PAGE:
A Centrefold Premiere In The Guardian

On the day the Burmese regime finally announce the long expected prisoner amnesty, the Guardian newspaper pull out all the stops and go big for a double page centre spread on the former political prisoners from this project that is now better known as the book ‘Abhaya – Burma’s Fearlessness’. There is also a beautiful online slideshow gallery that can be viewed on the Guardian website with a premiere showing of the Lady’s portrait and others from inside Burma including U Tin Oo and Dr Daw May Win Myint.

See the full size article here – Guardian Eyewitness: Abhaya Burma’s Fearlessness

Today is also the day that the book gets launched at the Frankfurt book-fair. It’s been a busy day all round but nothing has been achieved yet. Here’s hoping that later on today there will be good news and we can finally start celebrating the release of political prisoners… and everything else as well.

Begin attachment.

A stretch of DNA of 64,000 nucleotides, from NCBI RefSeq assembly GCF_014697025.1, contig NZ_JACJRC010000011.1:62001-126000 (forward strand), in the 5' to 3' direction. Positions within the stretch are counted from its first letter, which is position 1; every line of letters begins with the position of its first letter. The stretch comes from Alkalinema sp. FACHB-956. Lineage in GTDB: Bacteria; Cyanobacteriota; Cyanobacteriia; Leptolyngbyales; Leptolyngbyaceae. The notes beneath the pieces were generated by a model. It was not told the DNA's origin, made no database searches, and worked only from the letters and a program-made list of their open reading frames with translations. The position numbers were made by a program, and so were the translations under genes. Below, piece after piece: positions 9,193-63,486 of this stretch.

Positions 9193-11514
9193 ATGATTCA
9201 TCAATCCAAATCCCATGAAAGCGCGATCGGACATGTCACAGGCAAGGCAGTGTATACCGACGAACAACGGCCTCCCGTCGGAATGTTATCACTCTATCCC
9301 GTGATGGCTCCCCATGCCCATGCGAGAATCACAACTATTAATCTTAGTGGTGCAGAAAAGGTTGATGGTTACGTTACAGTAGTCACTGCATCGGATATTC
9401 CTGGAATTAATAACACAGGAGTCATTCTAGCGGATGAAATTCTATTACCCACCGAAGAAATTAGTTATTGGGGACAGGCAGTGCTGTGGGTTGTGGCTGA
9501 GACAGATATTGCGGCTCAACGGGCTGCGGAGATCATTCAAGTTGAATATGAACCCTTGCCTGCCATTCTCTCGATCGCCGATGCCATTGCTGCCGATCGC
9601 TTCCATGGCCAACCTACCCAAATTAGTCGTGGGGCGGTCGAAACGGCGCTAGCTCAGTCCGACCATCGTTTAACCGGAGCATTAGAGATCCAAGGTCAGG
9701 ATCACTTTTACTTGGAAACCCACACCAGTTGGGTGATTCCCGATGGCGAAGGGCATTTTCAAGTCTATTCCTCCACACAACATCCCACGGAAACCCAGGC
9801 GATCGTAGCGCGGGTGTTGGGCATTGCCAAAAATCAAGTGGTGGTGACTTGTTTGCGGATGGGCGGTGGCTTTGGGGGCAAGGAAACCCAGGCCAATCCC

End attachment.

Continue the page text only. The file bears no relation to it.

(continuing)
Burma Selected for OSI Moving Walls 19

The Open Society Institute has selected my long term project for Burma’s political prisoners ‘Even Though I’m Free I Am Not‘ to be part of the prestigious Moving Walls exhibition programme. The exhibition opens in New York with a reception on November 30th and lasts for 9 months before moving to Washington DC for a further 9 months. With 400 applications submitted, being selected as one of seven photographers to be part of this programme is humbling to say the least. Also with my work being shown in the main reception area, it’s a massive honour for me and for everyone involved in this work over the past 3 years and is of course very exciting, but most importantly it gives the issue of Burma’s political prisoners another platform and hopefully valuable exposure –  there will be an exclusive first showing of a number of former political prisoners from inside Burma who we have been waiting for the right time to show to the world. This is that time.

CLICK HERE for full details on the OSI website